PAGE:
BOSTON The Food and Drug Administration should take action to require labeling for the whole grain content of food. Thats one of eight key recommendations in an October 20th report from the Institute of Medicine (IOM) a recommendation that clearly endorses what the Whole Grain Stamp has already been doing for nearly five years.
At a time when front of pack labeling is under close scrutiny, its clear that the Whole Grains Council chose a responsible, scientifically-grounded path with the Whole Grain Stamp,” said Cynthia Harriman, Director of Food and Nutrition Strategies for the non-profit Whole Grains Council and for Oldways, its parent organization.
The IOM report, titled School Meals: Building Blocks for Healthy Children, goes on to say that products with 8 grams or more of whole grain content per serving should be considered legitimate whole grain products or whole grain-rich products, a new and useful definition used in the report. The 8 gram level is the same minimum amount of whole grain used by the Whole Grain Stamp program since January 2005, when the Stamp was launched as a consumer-friendly tool to help fulfill the just-released recommendations of the 2005 Dietary Guidelines for Americans.
The IOM, the respected health arm of the National Academies of Science, wrote the new report at the request of USDA officials responsible for the National School Lunch Program. Recommendations in the report will be used by USDA to update school lunch requirements to include healthier choices. The IOM report specifies that at least half the grains served in schools should be whole grain-rich 8 grams or more of whole grain per serving and that manufacturers should clearly label grams of whole grain content now, rather than wait for the ponderous pace of regulatory action.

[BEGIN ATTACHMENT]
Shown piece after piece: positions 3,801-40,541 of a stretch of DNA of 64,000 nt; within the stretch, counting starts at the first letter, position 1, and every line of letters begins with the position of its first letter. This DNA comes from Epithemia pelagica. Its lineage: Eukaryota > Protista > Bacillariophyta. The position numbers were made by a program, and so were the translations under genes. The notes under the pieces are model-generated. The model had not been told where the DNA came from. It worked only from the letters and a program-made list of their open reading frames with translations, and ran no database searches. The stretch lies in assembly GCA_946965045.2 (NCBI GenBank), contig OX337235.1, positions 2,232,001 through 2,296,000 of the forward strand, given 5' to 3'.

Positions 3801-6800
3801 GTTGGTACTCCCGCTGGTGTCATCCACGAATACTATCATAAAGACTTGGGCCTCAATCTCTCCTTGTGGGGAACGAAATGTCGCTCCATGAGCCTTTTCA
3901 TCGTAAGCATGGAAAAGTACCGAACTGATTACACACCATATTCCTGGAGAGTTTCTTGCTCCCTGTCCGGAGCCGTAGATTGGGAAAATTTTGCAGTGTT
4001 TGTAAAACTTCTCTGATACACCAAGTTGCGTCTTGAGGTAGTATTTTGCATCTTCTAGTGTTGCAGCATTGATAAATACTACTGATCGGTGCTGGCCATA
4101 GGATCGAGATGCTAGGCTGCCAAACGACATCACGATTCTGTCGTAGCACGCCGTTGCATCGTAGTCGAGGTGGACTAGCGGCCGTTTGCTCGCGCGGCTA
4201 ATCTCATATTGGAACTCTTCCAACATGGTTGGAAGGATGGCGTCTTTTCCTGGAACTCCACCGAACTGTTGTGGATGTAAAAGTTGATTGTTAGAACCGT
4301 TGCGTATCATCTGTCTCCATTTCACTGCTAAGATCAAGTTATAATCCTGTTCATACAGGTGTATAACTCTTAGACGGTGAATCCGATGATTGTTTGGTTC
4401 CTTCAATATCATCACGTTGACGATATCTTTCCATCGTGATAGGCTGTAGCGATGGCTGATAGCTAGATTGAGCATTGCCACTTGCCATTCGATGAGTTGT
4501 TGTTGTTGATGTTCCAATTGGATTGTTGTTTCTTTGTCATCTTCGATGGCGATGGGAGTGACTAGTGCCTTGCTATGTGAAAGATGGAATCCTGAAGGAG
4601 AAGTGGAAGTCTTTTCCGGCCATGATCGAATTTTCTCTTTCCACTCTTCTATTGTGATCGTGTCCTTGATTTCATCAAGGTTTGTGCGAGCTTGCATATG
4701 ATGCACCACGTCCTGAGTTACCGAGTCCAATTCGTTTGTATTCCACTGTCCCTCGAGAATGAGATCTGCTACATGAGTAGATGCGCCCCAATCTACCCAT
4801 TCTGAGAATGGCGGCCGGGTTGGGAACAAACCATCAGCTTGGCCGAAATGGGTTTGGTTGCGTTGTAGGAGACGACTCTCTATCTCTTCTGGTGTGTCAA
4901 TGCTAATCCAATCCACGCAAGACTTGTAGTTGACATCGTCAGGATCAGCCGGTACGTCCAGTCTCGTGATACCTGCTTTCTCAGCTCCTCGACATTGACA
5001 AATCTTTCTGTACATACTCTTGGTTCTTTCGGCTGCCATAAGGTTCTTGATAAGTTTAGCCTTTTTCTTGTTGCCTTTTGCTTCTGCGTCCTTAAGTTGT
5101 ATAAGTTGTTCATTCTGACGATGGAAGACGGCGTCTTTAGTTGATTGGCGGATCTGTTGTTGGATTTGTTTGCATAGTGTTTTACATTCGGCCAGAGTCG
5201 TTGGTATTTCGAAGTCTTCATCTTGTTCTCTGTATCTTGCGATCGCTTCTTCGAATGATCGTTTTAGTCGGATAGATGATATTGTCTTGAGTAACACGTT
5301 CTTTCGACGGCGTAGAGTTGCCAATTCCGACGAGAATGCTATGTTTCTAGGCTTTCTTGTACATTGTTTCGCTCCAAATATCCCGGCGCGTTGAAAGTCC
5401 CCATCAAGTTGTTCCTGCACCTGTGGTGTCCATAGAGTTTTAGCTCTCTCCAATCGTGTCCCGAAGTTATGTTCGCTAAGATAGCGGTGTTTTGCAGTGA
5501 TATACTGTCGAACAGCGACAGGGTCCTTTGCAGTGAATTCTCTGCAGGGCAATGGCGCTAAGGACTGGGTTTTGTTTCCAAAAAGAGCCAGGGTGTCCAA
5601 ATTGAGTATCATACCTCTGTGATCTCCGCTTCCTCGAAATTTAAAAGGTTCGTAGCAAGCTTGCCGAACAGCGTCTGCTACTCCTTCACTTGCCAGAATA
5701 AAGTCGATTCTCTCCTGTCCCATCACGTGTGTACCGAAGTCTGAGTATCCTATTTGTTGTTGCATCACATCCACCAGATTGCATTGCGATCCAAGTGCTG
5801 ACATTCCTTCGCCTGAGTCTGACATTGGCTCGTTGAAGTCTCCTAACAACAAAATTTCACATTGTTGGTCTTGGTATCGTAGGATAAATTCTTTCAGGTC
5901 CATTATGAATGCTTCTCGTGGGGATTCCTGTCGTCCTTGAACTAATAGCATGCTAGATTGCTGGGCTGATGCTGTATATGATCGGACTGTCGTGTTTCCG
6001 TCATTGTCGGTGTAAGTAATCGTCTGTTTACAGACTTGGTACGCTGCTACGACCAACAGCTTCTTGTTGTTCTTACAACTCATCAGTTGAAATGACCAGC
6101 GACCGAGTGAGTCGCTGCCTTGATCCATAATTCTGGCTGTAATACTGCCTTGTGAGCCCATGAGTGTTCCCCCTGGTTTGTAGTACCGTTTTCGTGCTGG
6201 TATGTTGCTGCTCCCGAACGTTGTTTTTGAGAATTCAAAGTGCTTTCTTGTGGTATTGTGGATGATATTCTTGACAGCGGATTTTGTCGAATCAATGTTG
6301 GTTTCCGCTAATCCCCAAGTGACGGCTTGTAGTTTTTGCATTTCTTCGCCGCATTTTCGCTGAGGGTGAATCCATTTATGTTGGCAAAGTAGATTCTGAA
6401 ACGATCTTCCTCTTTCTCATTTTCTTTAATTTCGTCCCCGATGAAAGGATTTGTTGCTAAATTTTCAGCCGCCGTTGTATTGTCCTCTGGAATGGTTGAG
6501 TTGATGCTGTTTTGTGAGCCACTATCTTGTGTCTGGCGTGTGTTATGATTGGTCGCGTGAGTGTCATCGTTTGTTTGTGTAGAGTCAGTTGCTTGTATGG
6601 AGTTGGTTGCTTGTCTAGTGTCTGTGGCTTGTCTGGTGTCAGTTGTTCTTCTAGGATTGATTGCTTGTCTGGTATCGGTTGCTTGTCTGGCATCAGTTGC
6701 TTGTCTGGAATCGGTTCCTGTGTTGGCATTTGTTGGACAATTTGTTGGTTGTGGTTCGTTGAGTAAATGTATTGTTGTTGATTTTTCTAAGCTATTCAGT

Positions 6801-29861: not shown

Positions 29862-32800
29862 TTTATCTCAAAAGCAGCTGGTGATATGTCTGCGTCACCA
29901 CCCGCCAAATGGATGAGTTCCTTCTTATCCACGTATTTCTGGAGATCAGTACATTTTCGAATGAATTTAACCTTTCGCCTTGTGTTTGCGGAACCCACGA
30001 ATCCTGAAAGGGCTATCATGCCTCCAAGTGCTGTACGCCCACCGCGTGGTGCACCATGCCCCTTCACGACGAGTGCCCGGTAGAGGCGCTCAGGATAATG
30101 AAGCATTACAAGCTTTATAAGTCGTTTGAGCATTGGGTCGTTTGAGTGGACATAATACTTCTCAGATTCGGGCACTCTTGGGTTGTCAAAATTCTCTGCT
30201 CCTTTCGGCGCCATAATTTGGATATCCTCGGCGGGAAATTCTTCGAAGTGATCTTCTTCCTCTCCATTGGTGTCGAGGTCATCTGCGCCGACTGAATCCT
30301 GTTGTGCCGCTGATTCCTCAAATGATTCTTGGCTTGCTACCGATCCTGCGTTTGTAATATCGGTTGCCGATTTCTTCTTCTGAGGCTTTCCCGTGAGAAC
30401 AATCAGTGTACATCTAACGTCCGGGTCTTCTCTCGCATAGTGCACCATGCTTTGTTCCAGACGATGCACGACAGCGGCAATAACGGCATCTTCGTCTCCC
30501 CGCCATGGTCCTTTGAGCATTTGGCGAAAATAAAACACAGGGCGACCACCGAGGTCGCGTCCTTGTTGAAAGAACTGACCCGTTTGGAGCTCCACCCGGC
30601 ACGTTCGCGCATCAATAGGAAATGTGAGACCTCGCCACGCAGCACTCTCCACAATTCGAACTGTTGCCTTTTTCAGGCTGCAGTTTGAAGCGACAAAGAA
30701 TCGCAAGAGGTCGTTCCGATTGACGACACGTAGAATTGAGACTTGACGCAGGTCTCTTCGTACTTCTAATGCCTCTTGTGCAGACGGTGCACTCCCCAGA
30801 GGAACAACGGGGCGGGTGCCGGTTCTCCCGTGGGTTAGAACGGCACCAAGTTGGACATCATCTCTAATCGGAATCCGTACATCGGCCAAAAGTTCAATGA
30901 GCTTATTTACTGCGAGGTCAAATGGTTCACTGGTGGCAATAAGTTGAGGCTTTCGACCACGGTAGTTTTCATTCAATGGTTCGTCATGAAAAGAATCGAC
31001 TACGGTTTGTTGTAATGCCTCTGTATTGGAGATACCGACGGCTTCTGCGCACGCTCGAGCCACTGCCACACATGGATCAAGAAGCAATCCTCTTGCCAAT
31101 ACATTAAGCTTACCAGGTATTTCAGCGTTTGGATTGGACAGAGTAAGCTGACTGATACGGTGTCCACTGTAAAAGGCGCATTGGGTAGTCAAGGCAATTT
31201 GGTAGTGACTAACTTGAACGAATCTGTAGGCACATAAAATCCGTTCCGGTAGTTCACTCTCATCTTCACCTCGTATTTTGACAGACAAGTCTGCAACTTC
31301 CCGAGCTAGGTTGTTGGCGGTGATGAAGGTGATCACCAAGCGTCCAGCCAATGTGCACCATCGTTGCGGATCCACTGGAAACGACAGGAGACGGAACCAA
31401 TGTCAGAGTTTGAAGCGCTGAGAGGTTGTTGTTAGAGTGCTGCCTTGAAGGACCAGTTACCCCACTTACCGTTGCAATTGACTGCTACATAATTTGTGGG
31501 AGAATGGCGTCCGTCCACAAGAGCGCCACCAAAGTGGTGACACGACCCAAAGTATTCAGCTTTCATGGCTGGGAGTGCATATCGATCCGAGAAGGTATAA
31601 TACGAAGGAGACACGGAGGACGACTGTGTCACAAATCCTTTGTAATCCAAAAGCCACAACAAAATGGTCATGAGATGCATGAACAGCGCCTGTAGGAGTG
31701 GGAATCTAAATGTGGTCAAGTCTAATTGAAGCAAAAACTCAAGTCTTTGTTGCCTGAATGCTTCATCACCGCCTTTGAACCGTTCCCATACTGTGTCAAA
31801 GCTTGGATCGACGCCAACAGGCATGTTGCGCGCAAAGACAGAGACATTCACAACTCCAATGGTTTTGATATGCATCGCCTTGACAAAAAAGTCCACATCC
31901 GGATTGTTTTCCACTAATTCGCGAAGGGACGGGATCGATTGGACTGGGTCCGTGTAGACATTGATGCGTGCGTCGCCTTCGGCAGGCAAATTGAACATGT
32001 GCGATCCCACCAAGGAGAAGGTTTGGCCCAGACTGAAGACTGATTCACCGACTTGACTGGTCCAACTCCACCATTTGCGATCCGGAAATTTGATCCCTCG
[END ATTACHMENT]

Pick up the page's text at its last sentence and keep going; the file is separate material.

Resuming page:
The Whole Grain Stamp program fills the bill, as a firmly-established industry standard already followed by 248 manufacturers, including most of Americas leading companies. Almost 3,100 products in 14 countries have been reviewed by the Whole Grains Council and certified to use the Whole Grain Stamp, which will appear more than a billion times this year on grocers shelves. Now, with the new IOM report, use of the Whole Grain Stamp is also expected to take off for school foodservice products.
About Oldways and The Whole Grains Council
Oldways is a non-profit consumer advocacy group changing the way people eat through positive and practical programs grounded in science and tradition. The Whole Grains Council (WGC) is an Oldways program working to increase consumption of whole grains for better health. The WGCs many initiatives help consumers to find whole grain foods and understand their health benefits; help manufacturers and restaurants to create delicious whole grain foods; and help the media to write accurate, compelling stories about whole grains. You can learn more about both at oldwayspt.org and at wholegrainscouncil.org
Source: Oldways Preservation Trust